At the Tip of My Tongue

Image by <a href="">Jonny Lindner</a> from <a href="">Pixabay</a>

As writers, we all understand the value of reading. It turns the wheels of our imagination and motivates the artist in us who has been trapped in a cubicle for eight hours to move into open air. Reading is the other joy of writing, the first one. I’ll be honest though, when it comes to putting my words on paper after reading a good book, I just can’t seem to do it. It’s like walking into a Baskin Robbins already knowing what flavor you want and when you get there, you can no longer decide with all the other temptations. When I close the book, I know what I wanted to write. When I open my own, it’s stuck somewhere between brain and my fingers.

I don’t know if this common with new writers or if this is something I will forever be fighting. Eventually, the words get where they should be. In the bad first draft, then the revision, the polishing, the editing and finally, something I have yet to experience, the perfection. I once read that someone else’s journey isn’t yours. I’ve read about novelists who do it perfectly the first time, not many, but they’re out there. Some who do lousy first drafts and then change it all during the second draft even to point of setting and gender being different. Sometimes in an effort just to keep the flow, I’ll write lousy words for good ideas and come back later.

I understand that we’re all unique, not just in our style, but in how we work too. Knowing that takes the pressure off of being perfect. Freedom to suck as a writer brings back the fun that made me want to do this in the first place. That, a good book and a strong cup of coffee, gives me the inspiration I need to keep writing.

Beat That Self-Esteem Into Submission


27 March 27, 2019

In college, bonding moments as new writers always include the awkwardness of our prose, the lack of detail in our settings, the shallowness of our characters. In my courses so far, I’ve found I’m not alone in learning to build my character into a likeable person that someone else wants to read about, but I’m encouraged when I read someone else’s work and find they’re struggling equally with that same thing. But outside of the classroom, it’s different. Not because there aren’t new writers that are struggling with the same thing I am but because I’m not looking for them. I love to read the short conversations on Twitter from those that I follow and those who have been kind enough to follow me. But I’m a bit terrified that if I move beyond those short conversations, I’ll find I have no talent as a writer and whoever I read will have the same years I have, the same experience I have but they don’t suck, whereas I do.

I think as a writer, the one thing easier than all is to allow your lack of confidence to throw that brick wall in the way and make it look intimidating. How did that damn thing get there anyway? I have to remember, it’s an illusion, one that has no substance. I have to walk through that mirage of self-doubt and not look back. No one starts out a genius, even prodigies have to learn. I may be a late bloomer and maybe even a slow learner, but I made it to college, I know what to do at work and somehow I managed to become a grandmother. I’m not perfect, granted, but I have one thing under my belt I can take pride it. I’m no quitter. And I will get there.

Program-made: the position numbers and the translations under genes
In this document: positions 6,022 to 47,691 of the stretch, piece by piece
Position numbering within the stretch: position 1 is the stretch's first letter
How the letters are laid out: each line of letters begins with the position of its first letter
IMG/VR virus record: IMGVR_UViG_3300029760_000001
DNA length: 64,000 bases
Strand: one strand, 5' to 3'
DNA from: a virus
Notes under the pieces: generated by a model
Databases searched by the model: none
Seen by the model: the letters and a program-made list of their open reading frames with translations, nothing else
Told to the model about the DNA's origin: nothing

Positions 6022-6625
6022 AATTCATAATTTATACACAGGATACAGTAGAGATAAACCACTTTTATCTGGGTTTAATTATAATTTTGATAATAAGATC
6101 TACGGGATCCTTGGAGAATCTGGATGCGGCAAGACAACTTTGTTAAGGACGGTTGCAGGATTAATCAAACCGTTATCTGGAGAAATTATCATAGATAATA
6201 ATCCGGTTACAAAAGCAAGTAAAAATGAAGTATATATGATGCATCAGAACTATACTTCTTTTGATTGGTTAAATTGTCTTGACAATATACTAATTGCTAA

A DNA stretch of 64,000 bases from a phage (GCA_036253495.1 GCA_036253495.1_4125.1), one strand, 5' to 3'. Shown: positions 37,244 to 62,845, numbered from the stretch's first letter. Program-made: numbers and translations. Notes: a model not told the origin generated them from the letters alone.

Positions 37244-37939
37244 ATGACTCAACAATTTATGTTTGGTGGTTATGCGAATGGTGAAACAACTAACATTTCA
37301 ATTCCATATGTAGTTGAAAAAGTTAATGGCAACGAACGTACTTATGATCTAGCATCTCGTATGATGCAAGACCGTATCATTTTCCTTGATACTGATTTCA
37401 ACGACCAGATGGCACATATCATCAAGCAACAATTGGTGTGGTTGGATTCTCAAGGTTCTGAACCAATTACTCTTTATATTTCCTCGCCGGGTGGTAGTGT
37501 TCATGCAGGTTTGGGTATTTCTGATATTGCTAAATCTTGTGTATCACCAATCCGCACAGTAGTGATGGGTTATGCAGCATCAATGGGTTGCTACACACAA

A Good Ghost Story Never Hurt Anyone

15 February 2019
Every writer needs a good jolt of imagination. I love an edge of your seat suspense novel as much as I love a sweet kiss between an awkward teenage protagonist and his finally won love. Although I write fantasy, I read everything, even the old classics. It’s the characters and the prose that draw me and keep me. And good micro fiction is as fun as a thick Stephen King novel.
I don’t know how other writers do it, but I tend to read more than one work at a time. It generally depends on my mood. Some days, I need to read anything that will scare me. It isn’t always at Halloween, but the expectation can be an influence. Last year I ordered a book of short ghost stories. New Ghost Stories III, from the Fiction Desk. Every so many weeks, when I’ve finished a good novel, a good short story keeps my blood flowing. This collection does exactly that. The authors are writers I’ve never heard of (I’m guessing some, if not all, are from the UK), but all of them have a talent for building suspense in a condensed work. The best thing about these stories is that none of them required the graphic violence that so many writers have thought it necessary to appease readers. They are simple, well written, ghost stories and although some of the endings are implied death, the charm of most of them is that they are frightening only in the imagination of the reader, not the detailed gore of the author.
This is an anthology I highly recommend, especially if you love being frightened occasionally. I’ve posted the address where you can get a copy below. The cost is about $13.00 in American dollars. I’m not sure if that includes shipping. I hope you all get a copy. It’s worth the reading.